North Little Rock: Actually, It Is Easy Being Green (Green Initiatives (Over 20K) | Winner)

by Arkansas Business Staff  on Monday, Oct. 17, 2011 12:00 am  

Government officials, including Mayor Pat Hays and Congressman Tim Griffin, helped open North Little Rock's CNG pumping station.

The city's residential curbside recycling program has accounted for more than 2,000 tons of recycled newspaper, aluminum, glass and plastic, and more than 39,000 cubic yards of lawn waste for composting and recycling.

North Little Rock has recycled almost 4,000 used tires and partnered with Pulaski County to collect more than 500 tons of used electronics equipment. And, of course, the city's free leaf vacuuming service throughout the fall and winter is popular among residents, who need only rake leaves to the curb each week. The city sweeps them up and converts them to compost.

“We believe that local sustainable options provide economic and quality of life options,” Kessinger said. “North Little Rock has become one of the most active green cities in the U.S.”


North Little Rock's Certified Arkansas Farmer's Market caters to local "locavores" who crave fresh, local, homegrown food. This commitment to locally grown produce reduces the gas emissions used to get products to market and supports local farmers, Kessinger pointed out.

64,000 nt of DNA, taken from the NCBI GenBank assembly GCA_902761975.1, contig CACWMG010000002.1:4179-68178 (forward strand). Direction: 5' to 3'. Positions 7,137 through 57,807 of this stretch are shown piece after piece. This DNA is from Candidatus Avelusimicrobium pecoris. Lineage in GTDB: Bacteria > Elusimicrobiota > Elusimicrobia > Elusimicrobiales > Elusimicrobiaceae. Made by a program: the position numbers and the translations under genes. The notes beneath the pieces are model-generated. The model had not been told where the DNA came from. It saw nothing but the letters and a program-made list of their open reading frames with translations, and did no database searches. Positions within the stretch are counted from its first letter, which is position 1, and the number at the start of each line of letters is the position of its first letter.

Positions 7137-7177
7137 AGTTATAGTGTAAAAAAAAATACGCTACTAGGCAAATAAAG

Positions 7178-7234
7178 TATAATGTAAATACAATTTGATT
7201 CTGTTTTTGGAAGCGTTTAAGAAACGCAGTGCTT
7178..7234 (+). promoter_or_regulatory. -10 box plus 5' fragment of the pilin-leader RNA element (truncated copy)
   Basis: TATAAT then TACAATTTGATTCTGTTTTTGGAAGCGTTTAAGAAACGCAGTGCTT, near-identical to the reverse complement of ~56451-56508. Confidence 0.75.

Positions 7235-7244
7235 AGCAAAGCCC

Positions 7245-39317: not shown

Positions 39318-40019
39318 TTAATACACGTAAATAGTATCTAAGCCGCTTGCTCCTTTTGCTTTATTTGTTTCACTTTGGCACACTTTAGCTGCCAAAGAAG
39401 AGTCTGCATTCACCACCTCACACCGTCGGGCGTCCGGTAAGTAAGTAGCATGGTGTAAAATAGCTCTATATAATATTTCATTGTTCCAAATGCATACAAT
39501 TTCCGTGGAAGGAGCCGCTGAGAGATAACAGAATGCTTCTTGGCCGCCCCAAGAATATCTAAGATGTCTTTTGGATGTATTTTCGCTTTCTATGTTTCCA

Earlier this year, the city awarded almost $19,000 to seven community garden projects.

"Community gardens not only produce nutritious food and reduce family food budgets, they also preserve green space, provide opportunities for intergenerational and cross-cultural connections, encourage self reliance, and provide a catalyst for development," Kessinger said.

In 2010, Mayor Pat Hays created the "Fit 2 Live" initiative to encourage healthy eating and active living. This year, the program received a $1.5 million federal Communities Putting Prevention to Work grant to implement policy, systems and environmental changes aimed at preventing childhood obesity and promoting healthy, active lifestyles in the city and within the North Little Rock School District.

North Little Rock was one of just 10 cities nationwide to receive grants from this year's round of funding.

‘Led’ Zeppelin

North Little Rock is a leader — a veritable zeppelin, if you will — in the use of light emitting diodes (LED).

LED lighting is better and more energy efficient than traditional incandescent lighting. A single LED traffic light, for example, uses 12 to 20 watts of electricity compared to 100 to 150 watts used by an incandescent bulb. And North Little Rock uses LED only in all of its traffic lights.



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